Post Date : December 21, 2020
With a newly discovered variant of the virus prompting a wave of countries to ban travel from the U.K, the panic has now triggered disruptions in the country’s supply chain.
Britain’s biggest port stopped all traffic heading to Europe leading to delays in food supplies after the discovery of the new variant of the deadly virus.
With France suspending inbound travel from the U.K., including freight, for 48 hours starting midnight Sunday, pressure has increased on the government to mull over food supply concerns.
In a bid to keep goods flowing, the escalating crisis led to Boris Johnson convening a meeting of the government’s emergency committee on Monday.
Roads have already been clogged on both sides of the Channel for days and a freight transport group urged shoppers to avoid panic buying. Amid the clock ticking for Britain to speak on its future trade relationship with the European Union before the Dec. 31 deadline, the country’s Food and Drink Federation warned of the potential for serious disruption to fresh food supplies over the Christmas holidays.
Alex Veitch, General Manager of Logistics UK, while predicting “significant disruption” from the border shutdown said, “If it means setting up the world’s biggest rapid-testing facility in Kent then that’s what we’ll have to do”.
Logistics UK, which has 18,000 corporate members from across the British supply chain, called for rapid Covid-19 testing of truckers departing the country as the quickest way of restoring trade links.
The port of Dover shut its ferry terminal for outbound traffic until further notice and also implored freight and passenger customers to stay away. The company operating Eurotunnel trains between the U.K. and France suspended its truck shuttle on Sunday in response to the French measures.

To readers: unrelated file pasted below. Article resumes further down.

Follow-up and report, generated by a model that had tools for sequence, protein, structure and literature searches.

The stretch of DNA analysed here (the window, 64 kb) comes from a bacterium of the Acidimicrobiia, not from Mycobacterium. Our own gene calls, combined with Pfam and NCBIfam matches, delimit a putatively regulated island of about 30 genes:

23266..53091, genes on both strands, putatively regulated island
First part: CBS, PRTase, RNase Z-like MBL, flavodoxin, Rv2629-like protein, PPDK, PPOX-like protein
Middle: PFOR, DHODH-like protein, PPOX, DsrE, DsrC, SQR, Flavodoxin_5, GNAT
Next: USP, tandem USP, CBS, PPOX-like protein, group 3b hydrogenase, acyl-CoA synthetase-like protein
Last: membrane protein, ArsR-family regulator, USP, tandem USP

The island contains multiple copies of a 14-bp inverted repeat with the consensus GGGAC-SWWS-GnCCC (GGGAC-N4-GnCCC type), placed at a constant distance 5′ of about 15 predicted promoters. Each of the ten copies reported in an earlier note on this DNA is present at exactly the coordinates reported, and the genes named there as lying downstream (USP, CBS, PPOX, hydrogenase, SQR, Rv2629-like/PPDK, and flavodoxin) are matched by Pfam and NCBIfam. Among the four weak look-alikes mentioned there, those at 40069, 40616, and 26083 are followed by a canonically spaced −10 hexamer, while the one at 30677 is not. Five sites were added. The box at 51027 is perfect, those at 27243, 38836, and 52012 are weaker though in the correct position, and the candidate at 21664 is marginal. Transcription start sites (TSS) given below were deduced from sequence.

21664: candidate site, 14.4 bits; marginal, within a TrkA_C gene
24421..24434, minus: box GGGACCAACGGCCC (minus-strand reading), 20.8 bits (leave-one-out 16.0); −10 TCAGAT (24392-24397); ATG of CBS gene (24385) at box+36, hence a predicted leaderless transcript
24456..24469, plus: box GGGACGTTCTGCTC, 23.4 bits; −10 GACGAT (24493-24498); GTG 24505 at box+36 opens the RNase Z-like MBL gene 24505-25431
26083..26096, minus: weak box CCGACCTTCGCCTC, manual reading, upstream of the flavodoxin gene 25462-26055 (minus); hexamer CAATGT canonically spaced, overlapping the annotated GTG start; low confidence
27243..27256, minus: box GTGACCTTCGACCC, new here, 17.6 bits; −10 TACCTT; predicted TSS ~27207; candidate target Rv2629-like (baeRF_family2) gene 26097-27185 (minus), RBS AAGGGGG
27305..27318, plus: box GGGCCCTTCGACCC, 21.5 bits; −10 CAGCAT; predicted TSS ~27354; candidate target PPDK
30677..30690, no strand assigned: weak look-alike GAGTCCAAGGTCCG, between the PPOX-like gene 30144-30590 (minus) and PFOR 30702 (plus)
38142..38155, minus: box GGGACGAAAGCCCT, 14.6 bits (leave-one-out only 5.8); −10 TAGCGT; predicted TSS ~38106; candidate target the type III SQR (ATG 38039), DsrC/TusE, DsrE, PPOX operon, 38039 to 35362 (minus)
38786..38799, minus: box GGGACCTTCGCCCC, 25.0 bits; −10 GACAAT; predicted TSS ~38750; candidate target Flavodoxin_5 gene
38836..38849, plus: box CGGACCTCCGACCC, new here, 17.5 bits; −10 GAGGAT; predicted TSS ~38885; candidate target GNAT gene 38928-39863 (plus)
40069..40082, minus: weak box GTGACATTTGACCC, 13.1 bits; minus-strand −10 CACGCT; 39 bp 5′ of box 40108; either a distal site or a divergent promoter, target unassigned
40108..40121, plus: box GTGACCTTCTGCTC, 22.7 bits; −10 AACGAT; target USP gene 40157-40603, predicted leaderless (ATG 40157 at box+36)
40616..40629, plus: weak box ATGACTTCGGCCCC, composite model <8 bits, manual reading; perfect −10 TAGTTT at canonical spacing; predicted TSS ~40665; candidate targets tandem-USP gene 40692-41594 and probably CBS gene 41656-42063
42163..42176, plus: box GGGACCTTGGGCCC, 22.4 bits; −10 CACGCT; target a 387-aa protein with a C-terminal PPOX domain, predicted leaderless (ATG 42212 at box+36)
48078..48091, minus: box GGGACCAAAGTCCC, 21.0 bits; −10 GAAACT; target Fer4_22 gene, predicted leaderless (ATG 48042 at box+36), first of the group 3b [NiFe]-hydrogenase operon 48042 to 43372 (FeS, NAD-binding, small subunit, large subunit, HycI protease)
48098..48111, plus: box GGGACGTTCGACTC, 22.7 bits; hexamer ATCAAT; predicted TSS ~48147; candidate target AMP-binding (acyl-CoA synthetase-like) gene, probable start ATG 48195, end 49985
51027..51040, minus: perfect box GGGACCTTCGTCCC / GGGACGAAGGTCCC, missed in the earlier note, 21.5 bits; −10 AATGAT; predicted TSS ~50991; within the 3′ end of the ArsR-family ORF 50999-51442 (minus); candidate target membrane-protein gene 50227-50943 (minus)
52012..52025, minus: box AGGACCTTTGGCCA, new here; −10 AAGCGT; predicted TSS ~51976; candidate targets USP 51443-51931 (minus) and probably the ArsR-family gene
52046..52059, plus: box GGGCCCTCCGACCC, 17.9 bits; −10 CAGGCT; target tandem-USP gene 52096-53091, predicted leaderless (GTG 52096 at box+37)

U.K. supply lines with the rest of the EU narrowed over the weekend after Johnson’s government flagged a coronavirus mutation and ordered a full lockdown for London and much of southeastern England.
Health Minister Matt Hancock played down concerns that the logjam could jeopardise the supply of COVID-19 vaccines into the country.He set out five contingency plans for ensuring delivery, including the use of military aircraft in an interview.
There are possibilities that the EU authorities may also push to limit the extent of the shutdown because more than 80% of the drivers of the 2.1 million trucks that go through Dover every year are foreign nationals, with the majority of them hailing from the EU.
At the same time, the level of concern surrounding the new strain of virus detected in Britain means there’s a danger the curbs could be more prolonged, Veitch said.
Mr Veitch added that the impact over Christmas should be mitigated by the level of stocking in the run-up to the end-of-year deadline for a trade deal. The number of trucks passing through Dover hit 9,000 in one day last week, compared with the usual 5,000 or so for the time of year.